CDC Warns of Increased ADHD Drug Shortages, Untreated Symptoms

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June 14, 2024 – The process of finding stimulant medications that treat conditions such as attention deficit hyperactivity disorder just got even more difficult for tens of thousands of people who rely on the drugs. 

On Thursday, two people who operated the California-based telehealth company Done Global were arrested, accused of a $100 million scheme that provided the stimulant drugs to people for no medical purpose, the Justice Department alleged

The move prompted the CDC to issue a nationwide alert to medical and public health professionals. The CDC warned that the move may prompt people to turn to the illegal drug market and use counterfeit pills that could contain dangerous substances like fentanyl. The CDC notice said that between 30,000 and 50,000 adults across all 50 states may be impacted by a disruption in care due to the legal action against Done Global. 

Stimulant medicines such as Adderall have been on a federal shortage list since 2022. This sometimes meant that people had to drive hours to find the drugs in stock at pharmacies.

Adderall is a Schedule II controlled substance, meaning it poses a high risk for abuse or addiction. During the pandemic, federal prescribing rules for controlled substances became more flexible, allowing the drugs to be prescribed by telemedicine.

“The defendants allegedly preyed on Americans and put profits over patients by exploiting telemedicine rules that facilitated access to medications during the unprecedented COVID-19 public health emergency, instead of properly addressing medical needs, the defendants allegedly made millions of dollars by pushing addictive medications. In many cases, Done Global prescribed ADHD medications when they were not medically necessary,” said Anne Milgram, administrator at the U.S. Drug Enforcement Administration, in a statement issued Friday. The statement described Done Global as “an online telehealth website that prescribed Adderall and other highly addictive medications to patients who bought a monthly subscription.”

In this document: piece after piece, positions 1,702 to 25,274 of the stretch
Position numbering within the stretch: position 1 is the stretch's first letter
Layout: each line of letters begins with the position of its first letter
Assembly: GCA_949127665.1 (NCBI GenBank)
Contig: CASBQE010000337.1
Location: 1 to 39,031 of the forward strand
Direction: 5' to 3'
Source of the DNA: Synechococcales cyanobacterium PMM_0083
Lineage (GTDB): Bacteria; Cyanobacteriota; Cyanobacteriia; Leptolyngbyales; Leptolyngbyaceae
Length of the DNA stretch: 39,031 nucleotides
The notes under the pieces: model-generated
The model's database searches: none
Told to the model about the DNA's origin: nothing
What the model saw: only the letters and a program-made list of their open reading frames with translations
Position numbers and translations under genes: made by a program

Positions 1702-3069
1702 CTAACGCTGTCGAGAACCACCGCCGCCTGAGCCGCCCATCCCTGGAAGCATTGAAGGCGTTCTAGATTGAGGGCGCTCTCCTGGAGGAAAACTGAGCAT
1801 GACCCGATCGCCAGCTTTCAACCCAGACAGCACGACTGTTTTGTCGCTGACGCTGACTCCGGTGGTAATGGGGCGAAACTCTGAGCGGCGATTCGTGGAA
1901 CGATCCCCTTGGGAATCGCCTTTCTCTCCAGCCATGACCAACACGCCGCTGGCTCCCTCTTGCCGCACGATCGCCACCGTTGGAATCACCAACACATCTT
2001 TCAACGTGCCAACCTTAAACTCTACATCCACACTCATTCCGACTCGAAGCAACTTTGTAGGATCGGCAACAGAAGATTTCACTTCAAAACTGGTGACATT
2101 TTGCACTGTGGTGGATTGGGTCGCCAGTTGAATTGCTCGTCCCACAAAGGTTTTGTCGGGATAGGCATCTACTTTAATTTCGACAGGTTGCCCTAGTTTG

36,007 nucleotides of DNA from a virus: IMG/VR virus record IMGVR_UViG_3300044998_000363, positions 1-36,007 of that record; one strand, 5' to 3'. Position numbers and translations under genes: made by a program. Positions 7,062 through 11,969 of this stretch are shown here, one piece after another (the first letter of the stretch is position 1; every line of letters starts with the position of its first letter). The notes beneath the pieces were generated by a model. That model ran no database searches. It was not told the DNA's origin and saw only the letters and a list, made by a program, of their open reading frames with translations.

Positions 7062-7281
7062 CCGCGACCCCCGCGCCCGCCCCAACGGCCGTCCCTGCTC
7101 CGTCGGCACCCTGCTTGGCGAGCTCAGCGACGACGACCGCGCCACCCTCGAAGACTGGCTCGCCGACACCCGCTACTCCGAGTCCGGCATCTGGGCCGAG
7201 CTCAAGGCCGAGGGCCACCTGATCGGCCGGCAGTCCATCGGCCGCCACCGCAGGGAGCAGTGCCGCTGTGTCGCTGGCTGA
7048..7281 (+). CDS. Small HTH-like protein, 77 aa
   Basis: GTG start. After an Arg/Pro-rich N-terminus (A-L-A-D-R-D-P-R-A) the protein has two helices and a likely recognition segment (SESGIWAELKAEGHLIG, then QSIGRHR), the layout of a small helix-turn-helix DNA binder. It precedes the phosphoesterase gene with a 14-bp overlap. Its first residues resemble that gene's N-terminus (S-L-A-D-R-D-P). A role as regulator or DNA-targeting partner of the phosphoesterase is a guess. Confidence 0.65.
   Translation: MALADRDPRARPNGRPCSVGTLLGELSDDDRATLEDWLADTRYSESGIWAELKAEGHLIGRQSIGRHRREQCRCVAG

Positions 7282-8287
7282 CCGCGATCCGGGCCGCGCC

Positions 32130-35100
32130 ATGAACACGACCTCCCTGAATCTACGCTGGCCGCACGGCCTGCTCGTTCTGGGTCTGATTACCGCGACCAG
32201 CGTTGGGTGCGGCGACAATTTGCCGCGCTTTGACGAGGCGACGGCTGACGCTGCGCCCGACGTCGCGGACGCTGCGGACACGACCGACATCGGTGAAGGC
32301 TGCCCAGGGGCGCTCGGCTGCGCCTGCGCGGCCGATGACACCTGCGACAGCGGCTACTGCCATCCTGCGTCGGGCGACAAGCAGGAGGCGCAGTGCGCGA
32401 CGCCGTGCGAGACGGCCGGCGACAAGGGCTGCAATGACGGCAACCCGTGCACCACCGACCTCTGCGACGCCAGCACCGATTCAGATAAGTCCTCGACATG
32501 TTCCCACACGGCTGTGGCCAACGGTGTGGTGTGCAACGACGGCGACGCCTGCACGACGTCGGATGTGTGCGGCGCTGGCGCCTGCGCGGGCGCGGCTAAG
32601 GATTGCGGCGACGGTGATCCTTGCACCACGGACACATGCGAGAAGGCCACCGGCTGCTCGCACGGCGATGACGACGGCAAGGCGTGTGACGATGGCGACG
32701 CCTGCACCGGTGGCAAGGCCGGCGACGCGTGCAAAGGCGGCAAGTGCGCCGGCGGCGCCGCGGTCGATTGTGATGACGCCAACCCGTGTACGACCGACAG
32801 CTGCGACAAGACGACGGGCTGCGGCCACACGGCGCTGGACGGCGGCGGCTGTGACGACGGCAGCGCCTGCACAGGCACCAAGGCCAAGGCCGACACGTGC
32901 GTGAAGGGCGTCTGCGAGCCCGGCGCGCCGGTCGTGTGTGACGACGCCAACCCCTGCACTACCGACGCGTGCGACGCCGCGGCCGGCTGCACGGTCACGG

The company offered a monthly membership for $79 per month, and its website stated that “medication for ADHD is only granted 30 days at a time.”

ADHD affects about 4% of adults and an estimated 10% of children. Symptoms can include difficulty finishing tasks or following instructions, often due to being easily distracted, as well as fidgeting, talking a lot, or acting impulsively. Prescriptions for ADHD medicines surged during the pandemic, particularly among young adults and women.

“Any diversion of Adderall and other prescription stimulant pills to persons who have no medical need only exacerbates this shortage and hurts any American with a legitimate medical need for these drugs,” Milgram said. “The DEA will continue to hold accountable anyone, including company executives, that uses telehealth platforms to put profit above patient safety.” 

The CDC urged medical providers to be on the lookout for overdose symptoms and also for people who have untreated ADHD. People with untreated ADHD are at heightened risk of social and emotional problems, drug or alcohol use disorders, suicide, and unintentional injuries such as those sue to motor vehicle crashes, the CDC warned.

The DEA advised that people involved with the allegedly illegal conduct of Done Global should call to report this conduct to the DEA hotline at 646-466-5159.